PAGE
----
How do you help the horse with “holes” in his mane?

 

And how do you braid a mane with gaps and missing hair?

 

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  • There are lots of reasons why a horse’s mane might have some “holes”, and there are a few things you can do about it. You also have some options if you are heading to a show and need to braid your horse’s mane.

 

  • You know the routine by now! Try and figure out why your horse has some missing mane chunks, and then try and work around that. If it’s all a mystery, loop your Vet in for a diagnosis and some meds.

 

Why horses may end up with holes in their mane.

 

Your horse’s mane is rubbed out by a blanket, sheet, or fly sheet.

 

  • Blanket rubs can create patchy skin as well as patchy manes. You will likely need to swap styles, cut, and/or size of the blanket to alleviate this. Higher neck versions may make things worse, or they can help distribute any pressure along the mane.

 

  • If you suspect it’s the blanket causing your horse’s mane to rub out, also consider the fit. If your horse is moving a lot in his blanket, or he sleeps in it, an improper fit can tighten the neck opening and cause more pressure.

 

leg quilt used as padding for wither area under blanket

Easy peasy.

 

  • You can also try using horse underwear to protect the mane. If your horse lives outside and standing in the rain, skip the full hood undies for wet weather. For just the shoulder underwear, you may be ok.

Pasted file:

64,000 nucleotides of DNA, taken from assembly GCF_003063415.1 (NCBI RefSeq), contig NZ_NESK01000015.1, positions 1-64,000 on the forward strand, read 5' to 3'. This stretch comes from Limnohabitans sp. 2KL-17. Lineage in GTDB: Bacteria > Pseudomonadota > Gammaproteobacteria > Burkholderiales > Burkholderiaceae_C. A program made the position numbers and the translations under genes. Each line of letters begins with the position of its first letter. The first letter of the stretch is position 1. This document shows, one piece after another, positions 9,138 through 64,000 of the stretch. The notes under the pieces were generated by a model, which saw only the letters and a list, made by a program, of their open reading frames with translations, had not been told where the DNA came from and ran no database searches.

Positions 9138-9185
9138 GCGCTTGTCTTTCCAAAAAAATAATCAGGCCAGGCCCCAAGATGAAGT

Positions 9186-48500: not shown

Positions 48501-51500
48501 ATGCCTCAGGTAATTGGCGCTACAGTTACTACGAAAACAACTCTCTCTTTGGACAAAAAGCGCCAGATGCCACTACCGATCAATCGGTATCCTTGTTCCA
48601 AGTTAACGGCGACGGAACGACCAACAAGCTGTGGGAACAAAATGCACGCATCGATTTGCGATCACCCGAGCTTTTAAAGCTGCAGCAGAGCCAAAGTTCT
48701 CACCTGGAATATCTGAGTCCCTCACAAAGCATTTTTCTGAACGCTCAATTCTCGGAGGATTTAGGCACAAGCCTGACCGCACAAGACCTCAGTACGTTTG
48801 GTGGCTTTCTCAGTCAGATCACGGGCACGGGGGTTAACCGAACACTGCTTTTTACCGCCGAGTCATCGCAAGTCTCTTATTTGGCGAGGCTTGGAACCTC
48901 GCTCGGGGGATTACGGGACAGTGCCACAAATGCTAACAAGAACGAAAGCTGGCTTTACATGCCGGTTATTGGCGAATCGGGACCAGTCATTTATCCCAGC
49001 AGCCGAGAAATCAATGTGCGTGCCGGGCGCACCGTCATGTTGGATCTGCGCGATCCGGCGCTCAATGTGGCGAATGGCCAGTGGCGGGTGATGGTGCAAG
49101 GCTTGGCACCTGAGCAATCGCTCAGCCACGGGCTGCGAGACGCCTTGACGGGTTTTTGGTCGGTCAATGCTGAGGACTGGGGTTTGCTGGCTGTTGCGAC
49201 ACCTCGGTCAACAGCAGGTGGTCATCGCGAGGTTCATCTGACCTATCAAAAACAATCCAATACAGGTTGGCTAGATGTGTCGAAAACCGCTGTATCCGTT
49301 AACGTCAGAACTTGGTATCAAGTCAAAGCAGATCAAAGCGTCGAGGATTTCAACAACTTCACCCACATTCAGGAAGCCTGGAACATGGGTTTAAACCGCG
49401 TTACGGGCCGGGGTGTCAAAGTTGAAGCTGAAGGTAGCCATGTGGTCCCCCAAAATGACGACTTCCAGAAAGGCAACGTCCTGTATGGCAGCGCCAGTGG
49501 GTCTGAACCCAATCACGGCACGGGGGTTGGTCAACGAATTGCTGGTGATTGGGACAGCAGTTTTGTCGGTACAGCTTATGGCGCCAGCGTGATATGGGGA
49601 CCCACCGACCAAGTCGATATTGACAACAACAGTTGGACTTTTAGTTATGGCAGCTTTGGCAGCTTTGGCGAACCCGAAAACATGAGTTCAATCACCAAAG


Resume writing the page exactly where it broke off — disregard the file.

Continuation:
• If you have a used leg quilt laying around, you can tuck it under the withers of your blanket as some added padding and squish to see if that helps. This can also be a bib for your horse if the blanket neck creates a wave of dented hair across his chest.

 

The mane is getting eaten by a pasture buddy.

 

  • It’s more likely that a hungry horse will chew a buddy’s tail, but you never know. Manes are tasty, too? For cases like this, you may want to try coating your horse’s mane with hot sauce. This can lead to stains, and it may not be comfortable against your horse’s skin. Hot sauce is easier to use for tails as you can just spritz the ends, away from any skin. Hot sauce ingredients, like capsaicin, will test positive.

 

  • Another alternative is to douse the delicious mane with conditioner. It’s a bit messy, but like a mask for your horse’s mane.

 

conditioner in a horse's tail

 

Lice and mites and other things can cause a mane to be uneven and full of “holes”.

 

  • These annoying parasites can actually create a lot of damage to your horse’s hair and skin. Lice can be seen by the naked eye, mites cause mange and can only be seen under the microscope.

 

  • These types of infections need a Vet for diagnosis and treatment. There’s a risk of secondary infection, as well, when the parasites dig deeper. This may create open wounds that itch, or the scabs themselves are itchy. Either way, your horse’s rubbing makes it all worse and can create a larger problem.

Ringworm may affect the mane.